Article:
What a journey it has been for James Daunt from opening a single shop, Daunt Books for Travellers, in 1991 to now, after last week’s seismic news, running 927 bookshops, comprising 627 Barnes & Nobles, 293 Waterstones (including, of course, stores in Dublin, Brussels and Amsterdam), and 7 Foyles, not forgetting ownership of nine Daunt Books and three further independents which are part of the Daunt chain. It could be said that James Daunt is western bookselling.
And if anything was a ringing endorsement of the future of physical bookselling, then surely the acquisition of Barnes & Noble for approximately $683m (£537m) by Waterstones’ owners New York hedge fund Elliott Management is it.
In fact, in the days before the deal became public, physical books and physical retailing were receiving endorsements at BookExpo in New York. In his final report as CEO of the American Booksellers Association (ABA), Oren Teicher noted that while retail still faces many challenges, it can offer readers something that internet competition cannot. “They can sell an experience, they can sell a connection to their community, they can sell a knowledge and passion about books that goes beyond reading itself.”
Teicher departs the ABA on a positive note. He said that last year the ABA saw 99 new indie bookstore members open for business, a 32% increase over 2017, and added that they were recording higher profits too. “Based on the data we get every week from NPD BookScan, sales for 2018 among ABA member stores increased nearly 5% over 2017, and the compound annual growth rate in the indie bookstore channel over the past five years is a very healthy 7.5%.”
In a state of the nation session, Madeline McIntosh, CEO of Penguin Random House US, said the company recognised that readers want “authentic engagement” and was investing in non-author events that bring readers together in bookstores. “The bookstore feels like a really good, safe place to do that,” she said, adding there was now a more collaborative relationship between publishers and retailers, and that sales reps were an important of this.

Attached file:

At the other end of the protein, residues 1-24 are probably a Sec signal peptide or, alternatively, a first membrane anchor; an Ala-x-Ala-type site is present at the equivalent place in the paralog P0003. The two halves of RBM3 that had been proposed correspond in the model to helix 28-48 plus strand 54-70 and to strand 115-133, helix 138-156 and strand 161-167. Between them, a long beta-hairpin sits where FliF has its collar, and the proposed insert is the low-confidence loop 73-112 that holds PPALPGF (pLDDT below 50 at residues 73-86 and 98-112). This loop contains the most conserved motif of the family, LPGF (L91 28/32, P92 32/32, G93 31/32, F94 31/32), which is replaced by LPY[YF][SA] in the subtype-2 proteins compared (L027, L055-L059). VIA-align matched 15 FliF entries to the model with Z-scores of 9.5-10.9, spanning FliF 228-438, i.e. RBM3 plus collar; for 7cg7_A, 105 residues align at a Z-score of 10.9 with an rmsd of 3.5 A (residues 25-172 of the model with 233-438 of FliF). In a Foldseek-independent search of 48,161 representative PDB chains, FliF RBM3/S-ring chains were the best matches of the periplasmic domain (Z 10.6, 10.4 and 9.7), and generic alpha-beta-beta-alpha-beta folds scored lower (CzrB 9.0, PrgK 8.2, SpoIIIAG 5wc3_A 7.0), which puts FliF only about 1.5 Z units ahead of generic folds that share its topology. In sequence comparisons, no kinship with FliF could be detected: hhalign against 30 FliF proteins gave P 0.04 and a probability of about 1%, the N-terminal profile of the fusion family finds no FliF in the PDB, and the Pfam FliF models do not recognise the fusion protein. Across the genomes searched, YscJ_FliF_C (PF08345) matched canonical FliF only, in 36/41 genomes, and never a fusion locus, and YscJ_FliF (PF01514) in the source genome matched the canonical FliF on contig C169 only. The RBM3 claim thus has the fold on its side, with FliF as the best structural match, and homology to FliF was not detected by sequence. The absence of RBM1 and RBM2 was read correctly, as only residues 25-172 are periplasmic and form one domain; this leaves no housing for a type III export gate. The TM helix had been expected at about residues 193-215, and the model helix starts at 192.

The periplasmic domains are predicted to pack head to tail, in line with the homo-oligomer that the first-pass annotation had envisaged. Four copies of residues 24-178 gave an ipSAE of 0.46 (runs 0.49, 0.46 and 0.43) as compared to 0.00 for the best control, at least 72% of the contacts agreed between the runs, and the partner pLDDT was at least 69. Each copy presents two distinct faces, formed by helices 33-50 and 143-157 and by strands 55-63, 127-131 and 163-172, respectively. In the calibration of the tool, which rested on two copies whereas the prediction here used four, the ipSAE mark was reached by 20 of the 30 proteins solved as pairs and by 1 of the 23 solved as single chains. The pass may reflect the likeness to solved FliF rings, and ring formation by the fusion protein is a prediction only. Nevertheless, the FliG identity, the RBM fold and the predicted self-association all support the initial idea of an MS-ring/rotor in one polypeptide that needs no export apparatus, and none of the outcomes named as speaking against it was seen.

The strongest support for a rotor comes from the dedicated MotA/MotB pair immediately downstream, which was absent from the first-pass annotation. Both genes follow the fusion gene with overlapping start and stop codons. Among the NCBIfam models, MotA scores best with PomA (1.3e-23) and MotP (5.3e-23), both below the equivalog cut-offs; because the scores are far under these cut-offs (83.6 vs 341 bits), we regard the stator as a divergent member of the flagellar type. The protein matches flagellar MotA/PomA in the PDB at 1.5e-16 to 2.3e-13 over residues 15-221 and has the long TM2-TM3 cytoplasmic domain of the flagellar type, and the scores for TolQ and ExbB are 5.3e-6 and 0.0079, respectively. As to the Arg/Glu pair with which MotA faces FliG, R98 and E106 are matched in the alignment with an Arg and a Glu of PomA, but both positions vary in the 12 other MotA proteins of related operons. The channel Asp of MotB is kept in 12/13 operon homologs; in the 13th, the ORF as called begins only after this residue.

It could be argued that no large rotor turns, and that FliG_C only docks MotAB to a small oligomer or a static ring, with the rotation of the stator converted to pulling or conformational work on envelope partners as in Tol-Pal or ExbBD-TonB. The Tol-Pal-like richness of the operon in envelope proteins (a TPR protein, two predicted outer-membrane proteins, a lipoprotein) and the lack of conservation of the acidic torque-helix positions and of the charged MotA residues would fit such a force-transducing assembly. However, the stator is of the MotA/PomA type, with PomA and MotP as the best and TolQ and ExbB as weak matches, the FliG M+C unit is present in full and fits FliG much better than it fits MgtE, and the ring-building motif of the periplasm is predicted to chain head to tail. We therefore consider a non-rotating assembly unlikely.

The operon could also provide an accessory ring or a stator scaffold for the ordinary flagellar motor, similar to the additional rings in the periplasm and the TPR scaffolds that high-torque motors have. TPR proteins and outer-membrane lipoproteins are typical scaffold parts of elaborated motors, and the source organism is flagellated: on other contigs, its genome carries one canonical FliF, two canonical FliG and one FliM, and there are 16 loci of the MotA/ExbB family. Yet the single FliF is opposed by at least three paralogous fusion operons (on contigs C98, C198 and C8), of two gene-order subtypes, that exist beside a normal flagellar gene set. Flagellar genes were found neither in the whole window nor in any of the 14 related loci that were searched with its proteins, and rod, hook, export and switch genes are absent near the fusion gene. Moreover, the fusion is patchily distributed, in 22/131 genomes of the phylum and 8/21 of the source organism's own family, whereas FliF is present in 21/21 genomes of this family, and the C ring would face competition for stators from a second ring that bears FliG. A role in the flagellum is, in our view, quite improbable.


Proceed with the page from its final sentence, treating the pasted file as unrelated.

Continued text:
Sourcebooks publisher and CEO Dominique Raccah said that a decade ago she expected “YA was going to flip and that the whole category was going to be 70-80% e-books because these kids are all on their devices all the time. [But it turns out] YA is 25% e-books max.”
However, before the love-in became too great, there were grumbles from indie booksellers at the ABA’s Town Hall meeting about increased direct-to-consumer marketing efforts by publishers. Matt Norcross of McLean and Eakin Booksellers in Petoskey, Michigan, said: “It’s undermining us, confusing the customer, and not doing a darn thing to hurt Amazon.”
Still with indies, their importance to publishers was cited at a BookExpo session on translation. Atria Books vice president and editor-in-chief Peter Borland said indie bookseller support was part of the reason Fredrik Backman’s A Man Called Ove was such a success. “From day one, the book flew off the shelves at indies. Word-of-mouth is the one thing we know that sells books.”
There has been good news concerning physical bookstores in Germany too. According to data supplied by Media Control and reported in Buchreport, sales through high street bookshops were up 3% for the first five months of 2019. Alexander Skipis, CEO of Germany’s booksellers’ trade body, the Börsenverein des Deutschen Buchhandels, said that customer footfall increased in 2018 over the previous year leading him to hail 2018 “a watershed in the German book industry”. He was gratified too that there was a rise in customers aged 20 to 29, proof that there was “an increasing awareness” in the industry of the need for new ways of attracting customers. “These include new store concepts, creative event formats, social media initiatives, new storytelling formats and innovative publishing programmes”, he said.
But there is less happy news from Turkey where prosecutors have launched investigations into the country’s fiction writers, including award-winning novelist Elif Shafak who has called on the international community to support Turkish authors, journalists and academics. The authors are accused of condoning practices they wrote about in their novels, such as sexual violence. English PEN director Antonia Byatt said the organisation was “deeply concerned” about the threats to Shafak. “Freedom of expression in Turkey is increasingly under serious threat. Too many writers are in prison whilst others have been forced into exile.”
Finally, there were inspiring words from Penguin Random House CEO Tom Weldon at the company’s annual conference. “We are creating books for our society for generations to come. As trust in politicians, businesses and the media continues to decline we have the opportunity to shape policy, culture and society. We are a proudly commercial company with a social mission at our heart [and] we are prepared to use our voice to campaign on behalf of what matters to us whether that’s freedom of speech, inclusion or literacy.”
Roger Tagholm writes our Snapshot of the Week.